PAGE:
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I was wondering when these guys would show up again.
I spent summer 2010 in Washington, DC and their 2010 album The Unmistakable Man was, with For Whom the Bell Tolls and the first four seasons of Bones, a defining bit of ephemera. The first week I was in the city, sleeves rolled up, strutting down Nebraska Ave. on the way to the Metro, it was the only thing playing through my oversized Sennheisers, and, after an exposure like that, there’s little doubt in my mind that it was that year’s great unsung album.
On first listen, Don’t Let The Sun Go Down On Your Anger has the same sort of vulnerable melody and affecting warble, the same spirit, as that last effort and if it proves to be even a third as good it’ll be one of 2012’s best.
I have long thought of “racism without racists” as merely the product of the color-line. But it’s also the result of the American—and perhaps even the human—inability to admit fault. No one wants to be wrong. It is a great failing, not simply of morality and honor, but of imagination. Being wrong is painful. It would be painful for Ravi to tell the world he actually was trying to humiliate a fellow human for his own ends. It would be painful to admit that he actually has tried to spy on people in the past. But people who can’t admit to who they are, have little chance of ever becoming anything more.
As a culture, we’ve abdicated responsibility and personal choice— it’s not only that, as a Americans, we would rather not be wrong, but we would rather not make choices in the first place, because choices have consequences and maybe I would chose wrong and who wants that kind of responsibility?
Then again, maybe I would chose right. Or, maybe, if I chose wrong, I’ll choose right the next time. But, no, we would rather not choose at all. We would rather not act than take responsibility for our actions.
“Pappy could have directed another picture, and a damned good one. But they said Pappy was too old. Hell, he was never too old. In Hollywood these days, they don’t stand behind a fella. They’d rather make a goddamned legend out of him and be done with him”—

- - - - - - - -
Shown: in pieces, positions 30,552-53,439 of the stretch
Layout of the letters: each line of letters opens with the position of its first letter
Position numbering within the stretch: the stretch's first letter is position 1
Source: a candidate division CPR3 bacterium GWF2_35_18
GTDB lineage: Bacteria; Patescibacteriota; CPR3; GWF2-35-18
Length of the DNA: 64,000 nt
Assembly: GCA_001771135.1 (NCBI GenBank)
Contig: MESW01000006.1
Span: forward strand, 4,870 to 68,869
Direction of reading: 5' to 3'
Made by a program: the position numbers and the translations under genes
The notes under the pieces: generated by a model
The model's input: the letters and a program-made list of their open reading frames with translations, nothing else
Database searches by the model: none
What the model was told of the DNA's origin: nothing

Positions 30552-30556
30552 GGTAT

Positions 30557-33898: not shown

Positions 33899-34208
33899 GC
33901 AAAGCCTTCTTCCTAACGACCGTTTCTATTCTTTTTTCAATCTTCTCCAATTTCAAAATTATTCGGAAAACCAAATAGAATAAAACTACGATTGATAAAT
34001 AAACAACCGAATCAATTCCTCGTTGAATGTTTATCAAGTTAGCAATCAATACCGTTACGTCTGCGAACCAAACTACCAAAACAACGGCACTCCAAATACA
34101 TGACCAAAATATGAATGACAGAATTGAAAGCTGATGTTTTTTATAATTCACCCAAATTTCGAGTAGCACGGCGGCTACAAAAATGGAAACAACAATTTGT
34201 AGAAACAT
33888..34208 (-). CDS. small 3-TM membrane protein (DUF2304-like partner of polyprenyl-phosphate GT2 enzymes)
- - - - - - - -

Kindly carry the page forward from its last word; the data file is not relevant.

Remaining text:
“We understand, then, do we not?
What I promis’d without mentioning it, have you not accepted?
What the study could not teach—what the preaching could not accomplish, is accomplish’d, is it not?
What the push of reading could not start, is started by me personally, is it not?”—
I am greatly troubled by what you say. I wrote Tom Sawyer and Huck Finn for adults exclusively, and it always distresses me when I find that boys and girls have been allowed access to them. The mind that becomes soiled in youth can never again be washed clean; I know this by my own experience, and to this day I cherish an unappeasable bitterness against the unfaithful guardians of my young life, who not only permitted but compelled me to read an unexpurgated Bible through before I was 15 years old. None can do that and ever draw a clean sweet breath again this side of the grave. Ask that young lady—she will tell you so.
Most honestly do I wish I could say a softening word or two in defence of Huck’s character, since you wish it, but really in my opinion it is no better than those of Solomon, David, Satan, and the rest of the sacred brotherhood.
If there is an unexpurgated Bible in the Children’s Department, won’t you please help that young woman remove Huck and Tom from that questionable companionship?
(Signed, ‘S. L. Clemens’)
Mark Twain’s response to Asa Don Dickson, of the Brooklyn Public Library, who was distressed that the library’s superintendent, “an enthusiastic young woman,” had removed Huckleberry Finn and Tom Sawyer from the children’s section.
When I woke up this morning to go to the Zen Mountain Monastery, less than two hours after finishing the last essay I will ever write as an undergraduate, I did not expect that I would return home with a smoked trout given to me by a Lithuanian woman.